Dynamics of Milkfish Farming in Kenya
Using a push net to capture wild milkfish fry from a mangrove channel.
Mariculture development in Kenya started about three decades ago when initial attempts were made, including a survey to identify suitable areas for shrimp farming, with a focus on suitability of soils and tidal range (Yap and Landoy 1986). This led to the development of commercial mariculture in the 1980s, funded by the FAO, to culture prawns at Ngomeni, in northern Kenya, with a total estimated area of 60 ha (UNEP 1998, Rönnbäck et al. 2002). Target species were Indian white prawn Penaeus indicus and tiger prawn Penaeus monodon. However, other species (e.g. rabbitfish, mullet and milkfish) that co-occurred in culture ponds informed the choice of species for the current interventions (Sivalingam 1981, Mirera 2007a). Prawn culture flourished but was not able to sustain itself at the end of the FAO project period.
Since the initial FAO interventions, mariculture has evolved into farming of several marine species by organized community groups with limited production for local market (Shimpton and Hecht 2007). One of the candidate culture species along the coast of Kenya is milkfish Chanos chanos, which has been farmed since 2005 in intertidal earthen ponds that are characterised by high salinities and pronounced temperature fluctuations (Mwaluma 2003, Mirera and Ngugi 2009, Mirera 2011a).
History of Milkfish Farming in Kenya
In the 1980s, milkfish was considered a byproduct of prawn farming (Mirera 2007a). However, in the recent past it has been promoted as a key culture species along the coast of Kenya with some level of success because of its faster growth, tolerance to high fluctuations in salinity and temperature and availability of wild seed (Mirera 2011a). Initial observations of the ability of milkfish to withstand high salinity and temperatures fluctuations were made in 2000 (Mwaluma 2003).
Community and village-based milkfish farming was initiated about two decades ago with a focus in three of the five coastal counties (Kwale, Mombasa and Kilifi). To date milkfish farming has only expanded in the original counties while the other two coastal counties (Tana River and Lamu) have remained without milkfish farming despite the existing potential. Farming is spearheaded by organized community groups. These groups also participate in other activities such as advocacy and conservation of mangrove forests (Fig. 1). Thus, milkfish farming provides a financial and livelihood motivation for the communities to engage in mangrove management and conservation (Mirera 2011a).
The number of organized community groups involved in milkfish farming along the Kenyan coast has increased from 5 in 2007 to 56 in 2015, while the area of milkfish farms has also increased significantly over the same period (Mirera, 2007a). The size of fishponds used by these groups in milkfish culture has increased from the initial 12 m × 10 m (120 m2) to the current 40 m × 30 m (1200 m2) through the intervention of a World Bank funded project called the Kenya Coastal Development Project (KCDP) (Mirera 2016; Fig. 2).
Milkfish Production Systems
The farming of milkfish in Kenya was initiated in small (120 m2) earthen ponds in open intertidal flats in mangrove forests. The sites were carefully selected on the basis of the suitability of soils for pond construction, limited possibility for mangrove cutting and where gradients were good for tidal water exchange. Ponds were fitted with drain pipes on the upper side of the dyke to allow free exchange of tidal water at high spring tides while the lower section was designed and fitted with a relatively large diameter pipe for drainage during harvesting (Mirera 2011a). This minimized the time required for water exchange because it could occur without the presence of farmers. In addition, the cost of pipes was far less than that required to construct sluice gates. After construction, ponds were prepared with applications of lime and fertilizer before stocking seed collected from the wild about one week after fertilization.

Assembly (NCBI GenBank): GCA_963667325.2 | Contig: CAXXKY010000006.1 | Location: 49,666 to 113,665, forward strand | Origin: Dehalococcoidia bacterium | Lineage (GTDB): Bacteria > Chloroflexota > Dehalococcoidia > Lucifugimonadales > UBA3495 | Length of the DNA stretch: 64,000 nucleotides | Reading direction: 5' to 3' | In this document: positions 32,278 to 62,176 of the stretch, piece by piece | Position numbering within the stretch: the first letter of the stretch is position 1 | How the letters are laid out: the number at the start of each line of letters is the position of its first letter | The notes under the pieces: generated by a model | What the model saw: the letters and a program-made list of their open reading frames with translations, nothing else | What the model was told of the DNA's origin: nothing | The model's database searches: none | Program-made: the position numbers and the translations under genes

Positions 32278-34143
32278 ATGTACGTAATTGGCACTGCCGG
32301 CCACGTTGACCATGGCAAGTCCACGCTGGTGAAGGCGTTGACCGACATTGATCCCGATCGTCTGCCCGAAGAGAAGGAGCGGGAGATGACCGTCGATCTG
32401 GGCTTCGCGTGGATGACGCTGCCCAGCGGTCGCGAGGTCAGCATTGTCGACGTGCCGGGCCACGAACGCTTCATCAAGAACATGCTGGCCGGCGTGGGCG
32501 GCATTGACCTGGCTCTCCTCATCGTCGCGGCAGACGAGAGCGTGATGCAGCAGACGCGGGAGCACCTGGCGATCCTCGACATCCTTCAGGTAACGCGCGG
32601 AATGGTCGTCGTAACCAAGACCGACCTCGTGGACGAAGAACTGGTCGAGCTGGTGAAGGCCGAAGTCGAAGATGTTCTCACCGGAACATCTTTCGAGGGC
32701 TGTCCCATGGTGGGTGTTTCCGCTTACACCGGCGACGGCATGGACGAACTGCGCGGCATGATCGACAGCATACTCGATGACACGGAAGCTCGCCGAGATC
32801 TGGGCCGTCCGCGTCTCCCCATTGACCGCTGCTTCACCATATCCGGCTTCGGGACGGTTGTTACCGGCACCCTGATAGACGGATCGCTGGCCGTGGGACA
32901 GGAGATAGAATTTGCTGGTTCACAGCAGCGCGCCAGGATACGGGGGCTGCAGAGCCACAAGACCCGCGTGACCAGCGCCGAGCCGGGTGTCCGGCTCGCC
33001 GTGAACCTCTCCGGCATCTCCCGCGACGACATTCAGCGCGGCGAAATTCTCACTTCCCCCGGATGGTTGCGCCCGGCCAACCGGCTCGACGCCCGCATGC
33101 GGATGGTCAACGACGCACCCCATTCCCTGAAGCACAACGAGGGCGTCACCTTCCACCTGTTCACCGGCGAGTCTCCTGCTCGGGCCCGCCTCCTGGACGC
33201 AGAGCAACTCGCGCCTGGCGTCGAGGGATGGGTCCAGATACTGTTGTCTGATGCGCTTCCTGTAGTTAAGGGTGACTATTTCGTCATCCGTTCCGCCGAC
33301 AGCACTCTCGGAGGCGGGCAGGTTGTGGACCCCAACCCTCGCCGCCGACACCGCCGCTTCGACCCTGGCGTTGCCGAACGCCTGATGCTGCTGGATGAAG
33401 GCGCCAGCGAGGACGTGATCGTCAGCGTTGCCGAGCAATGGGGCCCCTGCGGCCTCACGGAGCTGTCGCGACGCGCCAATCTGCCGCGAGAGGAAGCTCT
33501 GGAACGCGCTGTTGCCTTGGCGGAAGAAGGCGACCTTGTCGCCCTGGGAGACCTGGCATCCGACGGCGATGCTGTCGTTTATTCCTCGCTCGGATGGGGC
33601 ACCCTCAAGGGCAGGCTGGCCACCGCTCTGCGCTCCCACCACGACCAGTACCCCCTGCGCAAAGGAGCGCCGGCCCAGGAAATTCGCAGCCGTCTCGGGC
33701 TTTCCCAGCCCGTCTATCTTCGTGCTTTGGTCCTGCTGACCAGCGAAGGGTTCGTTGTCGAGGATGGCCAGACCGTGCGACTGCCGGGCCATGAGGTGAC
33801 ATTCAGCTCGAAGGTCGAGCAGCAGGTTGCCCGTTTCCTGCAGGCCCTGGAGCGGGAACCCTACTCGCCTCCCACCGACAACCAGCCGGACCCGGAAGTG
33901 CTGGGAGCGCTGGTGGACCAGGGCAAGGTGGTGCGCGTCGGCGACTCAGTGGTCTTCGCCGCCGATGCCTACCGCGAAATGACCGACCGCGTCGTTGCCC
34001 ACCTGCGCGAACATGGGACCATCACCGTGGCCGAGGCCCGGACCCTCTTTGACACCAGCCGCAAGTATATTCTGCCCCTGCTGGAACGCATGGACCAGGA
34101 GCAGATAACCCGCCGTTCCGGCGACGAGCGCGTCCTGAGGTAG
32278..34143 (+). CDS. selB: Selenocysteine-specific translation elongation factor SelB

Although current pond designs remain similar to initial ponds, the size was increased to commercial scale (1200 m2) through the support of the KCDP over the last three years (Mirera 2016). The larger size has also taken into consideration the original concerns about mangrove conservation that were envisioned in the development of milkfish farming in Kenya.
Milkfish Seed Sources
There is no marine hatchery on the coast of Kenya, likely related to the high investment costs required to operate the facility and the unwillingness of the government to prioritize mariculture development. Therefore, most of the research and production of milkfish on the coast depends solely on seed sources from wild stocks. Seed are collected by fishers in natural intertidal pools and shallow mangrove channels during incoming tides or at low tides (Fig. 3). Push nets and small seines are employed to collect seed, which are in most cases of variable sizes and at times species (Mirera 2011a). Collected milkfish seed are quickly sorted to release non-target species before packaging and transport to farms for further sorting and stocking in ponds.
Fingerling surveys conducted along the coast of Kenya have indicated seasonal appearance of milkfish. The most abundant season is in March — July while the less abundant season is September — December (Mirera 2011a). This indicates that farmers must undertake proper planning to benefit from the seasonal occurrence of milkfish seed or production may not be achieved in the farm for a whole year.
Read the rest of this article in the March 2017 issue of World Aquaculture Magazine here